Chances are you’ve seen the Wichita flag popping up around town. The flag's three components represent happiness and contentment, a permanent home, and the freedom to come and go. KMUW’s Abigail Wilson spoke to several people who are on the forefront of the movement.
At the center of Old Town at an intersection near Washington and Douglas, on an old brick building, is a small mural of a red, white and blue flag. It’s not the American flag--it’s Wichita’s.
It was adopted in 1937 as part of a contest. It has a white circle around a field of blue with a Native American symbol for the sun drawn in white. All together, that symbolizes a permanent home. Surrounding that are red and white alternating rays that expand to the edges.
It’s flown at City Hall and Century II. It’s printed on t-shirts and mugs. So where has this flag been for nearly 80 years? And what’s the deal with what some describe as a resurgence in Wichita pride?
Local artist Chris Gulick says “resurgence” isn’t the right term.
“I mean, it’s been a birth. It’s like this is the very first time since the flag was first made that I have been able to see in any kind of little bit of research I could even locate, this is the first time that this thing have ever been used to this magnificence," Gulick says. "It’s huge. It’s a rolling train and you’re not going to stop it now.”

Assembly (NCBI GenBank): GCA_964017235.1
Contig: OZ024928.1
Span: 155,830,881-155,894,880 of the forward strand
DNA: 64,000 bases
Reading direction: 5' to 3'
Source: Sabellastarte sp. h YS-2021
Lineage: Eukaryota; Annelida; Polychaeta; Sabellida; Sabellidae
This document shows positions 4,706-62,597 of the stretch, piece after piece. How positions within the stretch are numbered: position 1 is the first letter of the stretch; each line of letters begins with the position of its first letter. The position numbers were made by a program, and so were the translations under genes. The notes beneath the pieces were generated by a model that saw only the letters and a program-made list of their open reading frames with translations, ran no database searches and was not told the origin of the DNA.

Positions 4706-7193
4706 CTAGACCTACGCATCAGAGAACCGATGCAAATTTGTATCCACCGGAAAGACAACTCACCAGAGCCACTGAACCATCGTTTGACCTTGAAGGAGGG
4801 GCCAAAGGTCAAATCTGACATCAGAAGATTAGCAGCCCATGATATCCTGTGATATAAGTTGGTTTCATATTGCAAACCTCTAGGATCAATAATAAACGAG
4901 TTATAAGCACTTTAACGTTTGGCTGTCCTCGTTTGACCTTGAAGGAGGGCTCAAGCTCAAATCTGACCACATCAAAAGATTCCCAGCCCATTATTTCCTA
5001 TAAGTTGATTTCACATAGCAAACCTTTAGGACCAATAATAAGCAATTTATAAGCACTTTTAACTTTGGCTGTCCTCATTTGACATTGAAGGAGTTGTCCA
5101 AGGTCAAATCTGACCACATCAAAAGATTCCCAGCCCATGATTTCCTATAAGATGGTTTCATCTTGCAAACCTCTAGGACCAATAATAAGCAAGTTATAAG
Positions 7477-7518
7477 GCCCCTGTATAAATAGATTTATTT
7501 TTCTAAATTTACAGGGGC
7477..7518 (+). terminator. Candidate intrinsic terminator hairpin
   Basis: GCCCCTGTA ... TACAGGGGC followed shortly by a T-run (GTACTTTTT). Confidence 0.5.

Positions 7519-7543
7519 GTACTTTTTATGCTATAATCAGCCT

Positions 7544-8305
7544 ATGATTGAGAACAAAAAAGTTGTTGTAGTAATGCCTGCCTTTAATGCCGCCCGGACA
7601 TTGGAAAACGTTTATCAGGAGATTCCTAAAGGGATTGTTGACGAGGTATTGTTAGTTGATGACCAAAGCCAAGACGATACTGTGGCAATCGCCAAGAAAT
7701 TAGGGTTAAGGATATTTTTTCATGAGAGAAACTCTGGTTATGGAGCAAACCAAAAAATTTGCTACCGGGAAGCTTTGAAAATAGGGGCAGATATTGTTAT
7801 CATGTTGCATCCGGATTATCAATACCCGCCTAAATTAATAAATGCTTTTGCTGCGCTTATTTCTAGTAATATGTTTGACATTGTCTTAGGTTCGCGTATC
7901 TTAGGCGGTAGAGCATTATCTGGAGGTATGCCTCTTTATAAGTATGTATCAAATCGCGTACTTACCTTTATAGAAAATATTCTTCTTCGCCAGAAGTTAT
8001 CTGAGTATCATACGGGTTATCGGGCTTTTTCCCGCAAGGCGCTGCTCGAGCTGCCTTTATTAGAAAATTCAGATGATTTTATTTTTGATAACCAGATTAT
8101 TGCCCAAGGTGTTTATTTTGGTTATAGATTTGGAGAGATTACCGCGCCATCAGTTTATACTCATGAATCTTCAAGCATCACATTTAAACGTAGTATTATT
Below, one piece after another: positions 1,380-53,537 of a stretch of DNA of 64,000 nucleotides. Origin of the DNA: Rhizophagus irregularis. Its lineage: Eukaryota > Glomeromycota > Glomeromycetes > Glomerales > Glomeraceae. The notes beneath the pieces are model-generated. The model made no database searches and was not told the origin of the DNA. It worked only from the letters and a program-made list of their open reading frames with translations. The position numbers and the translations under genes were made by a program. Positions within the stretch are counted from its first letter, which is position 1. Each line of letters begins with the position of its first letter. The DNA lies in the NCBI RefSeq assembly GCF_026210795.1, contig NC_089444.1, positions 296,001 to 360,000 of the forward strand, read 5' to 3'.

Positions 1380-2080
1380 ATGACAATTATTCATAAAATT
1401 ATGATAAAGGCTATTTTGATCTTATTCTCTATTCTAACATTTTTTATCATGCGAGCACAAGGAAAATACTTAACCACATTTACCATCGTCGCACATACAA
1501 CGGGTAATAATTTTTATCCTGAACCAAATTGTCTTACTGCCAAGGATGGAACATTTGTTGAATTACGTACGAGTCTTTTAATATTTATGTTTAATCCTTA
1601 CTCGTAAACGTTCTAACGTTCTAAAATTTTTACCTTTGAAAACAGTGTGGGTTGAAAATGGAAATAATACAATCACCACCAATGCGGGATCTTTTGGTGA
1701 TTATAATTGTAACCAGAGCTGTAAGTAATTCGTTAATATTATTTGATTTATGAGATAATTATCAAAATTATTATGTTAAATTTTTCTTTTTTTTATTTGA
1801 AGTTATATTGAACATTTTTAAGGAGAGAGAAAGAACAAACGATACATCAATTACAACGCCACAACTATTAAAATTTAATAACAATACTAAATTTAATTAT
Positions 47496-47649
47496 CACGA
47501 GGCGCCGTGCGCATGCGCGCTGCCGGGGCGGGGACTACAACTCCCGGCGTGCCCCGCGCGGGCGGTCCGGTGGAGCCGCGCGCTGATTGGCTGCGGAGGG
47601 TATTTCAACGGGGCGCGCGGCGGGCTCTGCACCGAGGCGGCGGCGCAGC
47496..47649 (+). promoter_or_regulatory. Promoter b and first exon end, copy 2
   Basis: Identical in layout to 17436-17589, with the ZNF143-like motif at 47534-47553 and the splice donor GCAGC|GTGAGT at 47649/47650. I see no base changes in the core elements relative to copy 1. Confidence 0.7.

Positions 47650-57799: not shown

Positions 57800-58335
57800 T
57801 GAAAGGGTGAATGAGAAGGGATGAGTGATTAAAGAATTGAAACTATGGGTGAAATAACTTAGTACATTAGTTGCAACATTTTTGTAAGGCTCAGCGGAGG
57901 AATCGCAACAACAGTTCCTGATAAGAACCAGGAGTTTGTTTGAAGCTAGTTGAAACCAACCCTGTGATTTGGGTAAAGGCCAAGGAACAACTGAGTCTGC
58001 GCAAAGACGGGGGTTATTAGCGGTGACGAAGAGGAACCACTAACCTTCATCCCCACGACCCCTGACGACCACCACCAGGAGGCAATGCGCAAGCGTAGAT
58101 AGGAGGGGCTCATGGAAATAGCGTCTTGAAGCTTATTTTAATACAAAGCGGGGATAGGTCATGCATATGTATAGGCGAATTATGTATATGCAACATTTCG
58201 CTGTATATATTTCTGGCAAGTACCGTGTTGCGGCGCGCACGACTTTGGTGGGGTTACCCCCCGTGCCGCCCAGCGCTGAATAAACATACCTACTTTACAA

Gulick says that around 20 years ago, he noticed the being flown at Century II but nowhere else. The image is public domain: No one owns it or the rights, making it free to be used or modified by anyone. So Gulick rallied some local artists to try their luck at promoting the design to fill a void that was perceived by some Wichitans.
“Seeing this flag, I went, ‘Well, why do we keep hearing people complain about our self-esteem, or we need a catchphrase? Why do we keep having these arguments?’ Because here’s this thing--why don’t we just make use of it?" he says.
They printed the Wichita flag on ornamental license plates, but the products didn’t go over well.
“We couldn’t give them away," Gulick says. "I think [still] have the last brand new one.”
Gulick’s story is the complete opposite of what is currently happening with the Wichita flag, but if he’s bitter about it, it doesn’t show. He credits Millennials with the recent success.